Part-Time Work and Occupational Attainment Amongst a Cohort of British Women

39 Pages Posted: 17 Oct 2006

See all articles by Victoria L. Prowse

Victoria L. Prowse

Purdue University - Department of Economics; IZA Institute of Labor Economics; German Institute for Economic Research (DIW Berlin)

Date Written: September 2006


Using data on a cohort of British women who were born in 1958, this paper investigates the effects of qualifications, household structure and family background on the occupational penalty suffered by women in part-time employment. The analysis is conducted using a dynamic multinomial modelling framework in which hours of work and occupational attainment are jointly determined. The results reveal that at the bottom of the occupational hierarchy degree level qualifications improve the occupational attainment of women in part-time employment relative to that of women working full-time. In contrast, at top of the occupational hierarchy, degree level qualifications benefit full-timers more than part-timers. Contrary to the conventional wisdom, women with children have higher occupational attainment than childless women thus suggesting that women with children are relatively selective in terms of the jobs they are willing to accept. Furthermore, women with children experience a smaller part-time occupational penalty than childless women. Family background effects are present but small.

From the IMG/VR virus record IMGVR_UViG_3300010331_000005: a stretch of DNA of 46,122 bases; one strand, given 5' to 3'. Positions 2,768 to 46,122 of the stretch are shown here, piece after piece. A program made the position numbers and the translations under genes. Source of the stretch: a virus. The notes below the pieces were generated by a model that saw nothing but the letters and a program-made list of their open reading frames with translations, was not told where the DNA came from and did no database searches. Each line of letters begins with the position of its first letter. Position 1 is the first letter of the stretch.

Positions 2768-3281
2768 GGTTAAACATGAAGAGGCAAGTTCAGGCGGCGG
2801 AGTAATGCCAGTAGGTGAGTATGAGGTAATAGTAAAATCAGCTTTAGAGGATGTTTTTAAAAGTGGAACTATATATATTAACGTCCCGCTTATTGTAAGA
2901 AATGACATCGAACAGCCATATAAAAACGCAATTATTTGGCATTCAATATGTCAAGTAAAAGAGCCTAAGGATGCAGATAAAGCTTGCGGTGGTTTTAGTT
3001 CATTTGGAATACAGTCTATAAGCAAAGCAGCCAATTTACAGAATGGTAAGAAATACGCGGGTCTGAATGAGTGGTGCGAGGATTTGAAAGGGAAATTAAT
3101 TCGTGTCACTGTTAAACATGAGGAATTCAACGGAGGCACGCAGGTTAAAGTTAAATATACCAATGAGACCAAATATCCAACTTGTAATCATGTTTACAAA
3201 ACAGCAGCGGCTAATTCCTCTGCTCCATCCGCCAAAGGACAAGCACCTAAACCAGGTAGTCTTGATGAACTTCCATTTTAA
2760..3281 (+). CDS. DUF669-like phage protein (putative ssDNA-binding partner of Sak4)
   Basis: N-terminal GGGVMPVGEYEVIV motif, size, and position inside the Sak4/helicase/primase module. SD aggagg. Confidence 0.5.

Keywords: occupational mobility, part-time employment

JEL Classification: C23, C25, J62

Suggested Citation

Prowse, Victoria L., Part-Time Work and Occupational Attainment Amongst a Cohort of British Women (September 2006). IZA Discussion Paper No. 2342, Available at SSRN: or

Victoria L. Prowse (Contact Author)

Purdue University - Department of Economics ( email )

West Lafayette, IN 47907-1310
United States

IZA Institute of Labor Economics

P.O. Box 7240
Bonn, D-53072

German Institute for Economic Research (DIW Berlin) ( email )

Mohrenstraße 58
Berlin, 10117

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